Industrial farming leaches the soil of its fertility. Pesticides, insecticides, and herbicides cause the deaths of plants and animals. Industrial agriculture is believed to be a significant emitter of greenhouse gases—more than the transportation industry.
13. Water Scarcity
You’ve probably never had to go a day without drinking water, so it’s understandable if you’ve not paid too much attention to water scarcity. The grim reality is that billions of people experience water shortages.
Overexploitation and wastage of water are significant causes of water scarcity. Other causes of water scarcity include:
- Pollution which contaminates water, making it unsafe for consumption.
- The rise in global temperatures leading to the drying up of water sources.
- The rapid population growth resulting in the demand for water outstripping the supply.
Water scarcity leads to the premature deaths of humans and animals. It destroys ecosystems as water is necessary for animals and plants to live.
Other Problems With The Environment
Other than the above 13 environmental issues, we also have other little known global environmental issues that also need our urgent attention before they get out of hand. These are:
Overfishing is the practice of catching more fish than the population can replenish naturally. This practice is a big problem because it disrupts ocean ecosystems. It also affects billions of people who rely on seafood as either a source of income or food. Without intervention, overfishing will cause food insecurity for humans and cause the extinction of animals such as sharks and whales due to lack of food.
While animal extinction is a natural process that will always occur as long as there’s life on earth, the current rate at which species die is worrisome. Animals are currently going extinct 1,000–10,000 times more than usual.
Every species plays a role in an ecosystem, so ecosystems get altered when extinction happens. The death of one species has a domino effect on the rest of the ecosystem. Mass extinction alters food production as 75% of all crops are pollinated by animals and insects.
Habitat loss caused by human activities is the most significant cause of animal extinction. Climate change and invasive species kill many animals every year.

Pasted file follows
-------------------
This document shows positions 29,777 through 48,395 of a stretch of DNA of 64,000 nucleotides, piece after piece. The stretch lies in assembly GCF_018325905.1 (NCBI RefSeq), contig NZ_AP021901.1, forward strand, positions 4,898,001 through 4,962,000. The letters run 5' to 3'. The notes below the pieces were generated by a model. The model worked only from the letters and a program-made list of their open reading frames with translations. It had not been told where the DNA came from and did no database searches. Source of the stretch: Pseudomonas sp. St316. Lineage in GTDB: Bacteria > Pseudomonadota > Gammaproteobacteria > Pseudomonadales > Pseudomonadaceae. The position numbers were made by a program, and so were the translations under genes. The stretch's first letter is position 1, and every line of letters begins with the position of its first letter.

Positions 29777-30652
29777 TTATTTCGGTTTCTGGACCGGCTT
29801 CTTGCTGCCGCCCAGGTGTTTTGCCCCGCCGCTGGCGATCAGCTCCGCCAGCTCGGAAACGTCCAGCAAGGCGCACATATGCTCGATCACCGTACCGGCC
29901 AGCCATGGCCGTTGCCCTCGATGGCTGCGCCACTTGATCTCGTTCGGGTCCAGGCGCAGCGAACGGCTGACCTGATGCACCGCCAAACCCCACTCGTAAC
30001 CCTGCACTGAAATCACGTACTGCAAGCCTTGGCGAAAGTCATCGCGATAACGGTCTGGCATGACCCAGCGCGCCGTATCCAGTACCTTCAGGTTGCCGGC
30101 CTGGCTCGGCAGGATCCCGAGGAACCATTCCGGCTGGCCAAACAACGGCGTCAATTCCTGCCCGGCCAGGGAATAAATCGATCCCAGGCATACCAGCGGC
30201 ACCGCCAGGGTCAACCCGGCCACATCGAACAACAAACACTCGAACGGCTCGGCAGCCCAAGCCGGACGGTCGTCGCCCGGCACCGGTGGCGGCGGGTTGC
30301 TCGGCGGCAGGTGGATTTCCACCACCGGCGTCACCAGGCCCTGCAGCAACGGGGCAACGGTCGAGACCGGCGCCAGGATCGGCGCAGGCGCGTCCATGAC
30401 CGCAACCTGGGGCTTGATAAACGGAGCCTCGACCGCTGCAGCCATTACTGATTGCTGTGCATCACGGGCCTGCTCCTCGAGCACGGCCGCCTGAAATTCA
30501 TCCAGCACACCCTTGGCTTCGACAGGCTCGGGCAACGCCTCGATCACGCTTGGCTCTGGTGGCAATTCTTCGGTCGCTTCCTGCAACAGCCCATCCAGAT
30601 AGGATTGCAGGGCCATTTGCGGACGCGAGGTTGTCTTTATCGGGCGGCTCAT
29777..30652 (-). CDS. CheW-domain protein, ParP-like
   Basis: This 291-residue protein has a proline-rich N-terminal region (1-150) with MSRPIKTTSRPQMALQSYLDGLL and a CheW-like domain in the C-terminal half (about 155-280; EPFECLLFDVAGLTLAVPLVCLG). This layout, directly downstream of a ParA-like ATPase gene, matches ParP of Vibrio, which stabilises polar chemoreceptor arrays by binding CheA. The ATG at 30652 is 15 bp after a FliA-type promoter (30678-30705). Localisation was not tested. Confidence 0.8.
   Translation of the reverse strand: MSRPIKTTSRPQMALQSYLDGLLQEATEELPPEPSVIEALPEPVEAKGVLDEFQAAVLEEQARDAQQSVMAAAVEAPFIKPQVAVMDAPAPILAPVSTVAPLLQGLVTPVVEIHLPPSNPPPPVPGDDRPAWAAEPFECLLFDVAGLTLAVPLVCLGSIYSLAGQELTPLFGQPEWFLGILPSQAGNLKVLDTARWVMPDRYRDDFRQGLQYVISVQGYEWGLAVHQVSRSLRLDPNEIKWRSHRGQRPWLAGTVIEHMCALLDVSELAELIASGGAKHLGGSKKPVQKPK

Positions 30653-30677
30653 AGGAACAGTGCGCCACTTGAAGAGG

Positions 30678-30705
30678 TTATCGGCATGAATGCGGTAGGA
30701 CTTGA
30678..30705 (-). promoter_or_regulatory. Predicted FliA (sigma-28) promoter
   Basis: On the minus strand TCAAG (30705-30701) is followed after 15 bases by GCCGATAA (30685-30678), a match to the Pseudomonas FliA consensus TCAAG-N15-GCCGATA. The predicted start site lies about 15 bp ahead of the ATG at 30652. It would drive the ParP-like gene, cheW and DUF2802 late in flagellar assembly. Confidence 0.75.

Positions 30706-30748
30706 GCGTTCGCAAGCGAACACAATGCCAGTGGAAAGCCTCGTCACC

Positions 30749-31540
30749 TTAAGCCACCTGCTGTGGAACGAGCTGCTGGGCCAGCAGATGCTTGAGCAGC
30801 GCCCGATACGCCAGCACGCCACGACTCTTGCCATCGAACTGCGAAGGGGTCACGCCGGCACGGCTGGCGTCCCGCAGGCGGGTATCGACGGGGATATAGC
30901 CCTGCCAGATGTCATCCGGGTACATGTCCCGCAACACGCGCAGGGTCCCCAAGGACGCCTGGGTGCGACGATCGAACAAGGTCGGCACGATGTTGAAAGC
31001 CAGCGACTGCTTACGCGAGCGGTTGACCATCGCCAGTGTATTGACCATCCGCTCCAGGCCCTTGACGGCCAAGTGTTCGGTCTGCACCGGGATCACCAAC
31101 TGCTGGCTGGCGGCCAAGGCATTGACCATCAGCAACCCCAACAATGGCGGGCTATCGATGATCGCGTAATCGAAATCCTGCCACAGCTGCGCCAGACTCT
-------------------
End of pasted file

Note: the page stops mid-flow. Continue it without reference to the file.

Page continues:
Textile and Fashion Waste
We’re buying more clothes than ever and cycling through those clothes quickly. Globally, an estimated 92 million tons of textiles are wasted every year. In the US, 13 million tons end up in landfills or burned. By 2030, we are expected to discard 134 million tons of textile annually.
The production of textiles uses chemicals like petroleum. It also requires the use of large amounts of water.
Textile and fashion waste causes numerous environmental issues. The industry is responsible for 10% of greenhouse gas emissions and 20% of global wastewater. The disposal of textiles pollutes the environment, degrades ecosystems, and clogs waterways.
Ozone layer depletion
The ozone layer absorbs 97-99% of the harmful ultraviolet radiation coming from the sun. This layer has been thinning gradually due to toxic chemicals released by human activities. These chemicals destroy the ozone molecules faster than they’re produced.
A thin ozone layer allows ultraviolet radiation to reach the earth’s surface. Ultraviolet radiation causes skin cancer in both humans and animals. Cancer rates are highest in places where the ozone layer is thinnest. Ultraviolet radiation also impacts the development of plants.
There are more people than the planet can support. The global population has been increasing at an unsustainable rate for centuries. This is thanks to falling mortality rates, technological improvements, and poor contraceptive use.
Overpopulation has caused several environmental concerns, such as depletion of natural resources, habitat loss, and high consumption of fossil fuels. Meeting the demand of an ever-growing population has altered the environment for the worse.
Environmental issues facing the world can be depressing to think about. It seems everywhere we look, there’s a new issue cropping up. We shouldn’t despair, though. There are solutions to these environmental challenges. We just need to educate ourselves on the issues affecting our planet and then do our part to curb them.
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Stella - Writer
Stella is a writer and mother from Thika, Kenya.
Her love for nature and the beautiful Kenyan outdoors has inspired Stella to consciously make an effort to lead a more sustainable, eco-friendly lifestyle.